Parkview and Brodhead schools getting new roofs
When your roof leaks, you fix it.
When the school roof leaks, the school board holds a referendum.
When the referendum fails, the roof gets fixed anyway.
At least that’s the case in the Parkview and Brodhead school districts this year.
Both districts asked voters in April for money for maintenance projects, but both referendums failed. In Brodhead, it was the second failed referendum after one in February.
But contractors are pounding nails in both districts to get the new roofs done by the time school starts. Here’s how they’re doing it:
The roof on the junior/senior high school leaked in several places when snow and ice melted and sometimes during heavy rains, Superintendent Steve Lutzke said.
When voters weren’t willing to invest additional money to replace the roof and other maintenance upgrades around the district, Lutzke said the school board and administration discussed other options.
“The other caveat was the federal stimulus dollars available now to do building projects,” he said. “Based on the fact the roof is in such poor shape and the high likelihood of federal money to help pay for it, the board authorized to go ahead with bids to find out what the roof project would cost.”
The lowest and winning bid was about $797,000 from HC Anderson of Rockton, Ill. The roof has a 25-year warranty.
The district applied for and received an interest-free federal loan for $575,000. The district will take out a 15-year loan to cover the remaining expense, but an interest rate has not been locked in, Lutzke said. Rates are running at 2 to 3.5 percent, he said, which should put annual payments at $50,000 to $58,000.
The district anticipates saving $10,000 annually through a Focus on Energy rebate and utility savings as a result of better insulation, he said. The project will not increase taxes because the $40,000 to $48,000 annual payment will fit in the existing budget, he said.
“While it was a hard decision for us—we understand taxpayers said they don’t want to support this project at this time—we still felt we needed to get the project done,” he said.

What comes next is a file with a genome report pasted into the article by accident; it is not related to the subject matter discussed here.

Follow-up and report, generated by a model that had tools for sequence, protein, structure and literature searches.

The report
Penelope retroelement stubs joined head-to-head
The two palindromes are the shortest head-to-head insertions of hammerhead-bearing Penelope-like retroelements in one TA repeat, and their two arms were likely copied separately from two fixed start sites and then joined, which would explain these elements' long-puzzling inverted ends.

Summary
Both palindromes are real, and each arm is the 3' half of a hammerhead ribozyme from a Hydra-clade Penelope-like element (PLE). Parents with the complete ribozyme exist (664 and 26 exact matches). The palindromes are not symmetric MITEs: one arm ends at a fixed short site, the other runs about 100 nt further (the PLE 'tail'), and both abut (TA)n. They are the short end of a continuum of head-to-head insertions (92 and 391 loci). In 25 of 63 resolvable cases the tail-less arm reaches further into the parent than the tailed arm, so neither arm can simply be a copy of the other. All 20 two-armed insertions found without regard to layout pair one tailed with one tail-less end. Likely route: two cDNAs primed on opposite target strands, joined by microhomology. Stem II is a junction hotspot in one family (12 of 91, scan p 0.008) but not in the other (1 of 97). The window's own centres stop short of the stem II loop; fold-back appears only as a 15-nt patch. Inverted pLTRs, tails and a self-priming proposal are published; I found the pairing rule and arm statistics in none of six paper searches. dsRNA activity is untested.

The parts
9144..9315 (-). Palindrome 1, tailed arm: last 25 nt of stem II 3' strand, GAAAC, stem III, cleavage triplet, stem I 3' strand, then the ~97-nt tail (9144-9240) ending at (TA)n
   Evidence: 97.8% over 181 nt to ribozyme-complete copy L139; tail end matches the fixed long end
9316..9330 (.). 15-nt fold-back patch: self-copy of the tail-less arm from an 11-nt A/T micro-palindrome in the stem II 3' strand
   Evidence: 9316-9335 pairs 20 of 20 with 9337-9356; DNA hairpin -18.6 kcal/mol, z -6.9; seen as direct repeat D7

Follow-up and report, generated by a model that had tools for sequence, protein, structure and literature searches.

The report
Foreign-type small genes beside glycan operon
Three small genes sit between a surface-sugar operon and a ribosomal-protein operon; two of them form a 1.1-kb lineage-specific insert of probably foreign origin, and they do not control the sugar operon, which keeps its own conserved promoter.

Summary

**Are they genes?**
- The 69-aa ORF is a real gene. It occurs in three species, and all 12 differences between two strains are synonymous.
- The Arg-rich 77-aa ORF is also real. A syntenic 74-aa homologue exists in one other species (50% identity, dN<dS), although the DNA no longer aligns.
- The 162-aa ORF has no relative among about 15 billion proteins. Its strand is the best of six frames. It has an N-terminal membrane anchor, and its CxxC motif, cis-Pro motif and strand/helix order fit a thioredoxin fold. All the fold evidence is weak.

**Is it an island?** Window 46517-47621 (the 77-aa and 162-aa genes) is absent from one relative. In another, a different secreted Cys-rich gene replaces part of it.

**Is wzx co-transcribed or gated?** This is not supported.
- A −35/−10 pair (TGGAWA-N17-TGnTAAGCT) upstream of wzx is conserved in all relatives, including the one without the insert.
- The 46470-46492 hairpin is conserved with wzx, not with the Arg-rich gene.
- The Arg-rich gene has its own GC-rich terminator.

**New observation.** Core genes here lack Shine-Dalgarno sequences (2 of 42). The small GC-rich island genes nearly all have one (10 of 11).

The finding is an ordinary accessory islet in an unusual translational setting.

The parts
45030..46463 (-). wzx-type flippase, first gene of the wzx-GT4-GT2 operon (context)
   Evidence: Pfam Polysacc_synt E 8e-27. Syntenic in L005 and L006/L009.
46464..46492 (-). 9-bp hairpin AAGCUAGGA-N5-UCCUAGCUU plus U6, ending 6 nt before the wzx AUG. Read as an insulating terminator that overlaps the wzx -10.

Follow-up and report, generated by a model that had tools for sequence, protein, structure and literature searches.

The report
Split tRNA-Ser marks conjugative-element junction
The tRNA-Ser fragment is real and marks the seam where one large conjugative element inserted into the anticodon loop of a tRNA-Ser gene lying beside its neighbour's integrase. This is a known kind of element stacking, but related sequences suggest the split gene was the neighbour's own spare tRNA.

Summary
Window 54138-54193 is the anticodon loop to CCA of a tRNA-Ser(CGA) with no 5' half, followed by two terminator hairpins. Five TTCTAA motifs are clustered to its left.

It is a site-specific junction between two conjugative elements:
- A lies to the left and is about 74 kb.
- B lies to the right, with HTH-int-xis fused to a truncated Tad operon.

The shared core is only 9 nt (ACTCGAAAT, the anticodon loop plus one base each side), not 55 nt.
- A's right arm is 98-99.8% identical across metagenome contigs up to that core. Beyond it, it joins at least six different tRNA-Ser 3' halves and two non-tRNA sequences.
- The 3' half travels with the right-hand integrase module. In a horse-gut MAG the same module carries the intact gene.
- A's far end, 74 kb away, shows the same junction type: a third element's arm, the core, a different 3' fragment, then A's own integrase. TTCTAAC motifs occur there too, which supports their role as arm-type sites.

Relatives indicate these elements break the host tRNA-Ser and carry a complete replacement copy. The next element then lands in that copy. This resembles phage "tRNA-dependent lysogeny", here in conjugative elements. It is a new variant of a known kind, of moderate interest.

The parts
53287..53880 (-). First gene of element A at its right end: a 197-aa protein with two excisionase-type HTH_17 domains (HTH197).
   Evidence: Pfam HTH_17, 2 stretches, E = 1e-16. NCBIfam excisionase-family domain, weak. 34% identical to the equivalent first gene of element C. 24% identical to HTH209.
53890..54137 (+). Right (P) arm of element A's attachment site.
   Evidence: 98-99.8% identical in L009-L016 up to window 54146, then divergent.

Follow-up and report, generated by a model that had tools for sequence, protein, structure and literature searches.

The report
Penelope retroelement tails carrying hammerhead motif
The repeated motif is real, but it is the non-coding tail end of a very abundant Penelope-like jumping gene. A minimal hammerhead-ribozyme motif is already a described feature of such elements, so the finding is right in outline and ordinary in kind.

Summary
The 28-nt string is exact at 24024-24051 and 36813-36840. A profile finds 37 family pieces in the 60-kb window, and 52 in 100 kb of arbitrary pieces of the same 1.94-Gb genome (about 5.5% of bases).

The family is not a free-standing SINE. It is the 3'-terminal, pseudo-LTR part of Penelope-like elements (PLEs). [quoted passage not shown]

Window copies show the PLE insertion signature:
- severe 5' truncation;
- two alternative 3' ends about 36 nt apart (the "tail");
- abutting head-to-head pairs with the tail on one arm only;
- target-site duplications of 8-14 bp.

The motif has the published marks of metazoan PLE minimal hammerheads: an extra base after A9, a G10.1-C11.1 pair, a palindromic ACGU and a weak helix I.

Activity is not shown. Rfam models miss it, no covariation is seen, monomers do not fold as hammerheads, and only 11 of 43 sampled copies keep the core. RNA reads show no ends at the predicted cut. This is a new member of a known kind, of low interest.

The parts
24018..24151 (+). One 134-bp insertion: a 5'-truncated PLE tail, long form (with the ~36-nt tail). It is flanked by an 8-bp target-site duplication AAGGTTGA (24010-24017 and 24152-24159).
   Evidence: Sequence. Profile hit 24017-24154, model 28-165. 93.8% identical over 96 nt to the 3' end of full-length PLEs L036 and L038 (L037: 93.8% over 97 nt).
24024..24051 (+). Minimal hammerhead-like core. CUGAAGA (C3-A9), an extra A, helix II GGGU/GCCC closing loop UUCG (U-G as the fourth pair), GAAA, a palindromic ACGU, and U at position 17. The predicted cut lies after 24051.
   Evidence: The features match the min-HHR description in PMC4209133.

Replacing the junior/senior high school roof was only one part of two referendum questions that failed in April. The first referendum asked voters to exceed the state revenue cap by $2.4 million over four years for its operating budget and technology upgrades. The second referendum asked to borrow $2.8 million over 20 years to rebuild roofs on the junior/senior high and Footville elementary, upgrade buildings to be more energy efficient and renovate bathrooms to meet handicapped accessibility standards.
After the referendums failed, the district went forward with planned cuts of about $499,000 to balance the budget. But as figures came in, the deficit was only $466,000, Lutzke said. The extra $33,000 will be used to help make loan payments for the roof work instead of restoring one of the cuts, he said.
The Brodhead School District is financing its high school roof project through a 10-year loan with an interest rate of about 3.75 percent from the Bank of Brodhead, Superintendent Chuck Deery said.
That puts the payments in line with the $70,000 the school board included in the budget to be spent on the roof regardless of the referendum’s outcome, he said.
“We knew it had to happen,” he said.
After voters in April rejected a three-year, $1.76 million referendum, the school board made budget cuts totaling about $300,000.
The school board went to referendum hoping to borrow money for the roof and other projects outside the revenue cap. Because the referendum failed, payments on the loan must be budgeted inside the revenue cap.
No stimulus funds are being used on the project, but Deery said there’s a chance unspent money from other districts would be available in fall.
HC Anderson of Rockton, Ill., also had the winning and lowest bid at about $516,000, which was a little less than the district budgeted, he said.
The membrane roof has a 25-year warranty, he said. It is replacing the original roof on the 15-year-old high school.
“As they took the roof off, it became more apparent it definitely (was) in need of a new roof,” he said. “There was some concern in the community that it really wasn’t that bad. It was as bad—or worse—when they got there and started taking it apart.”
A couple problems have arisen during construction: leaking caused damage to some ceiling tiles and electrical problems started when workers screwed into conduits. Deery said the district still is negotiating with the contractor over who will pay for the problems.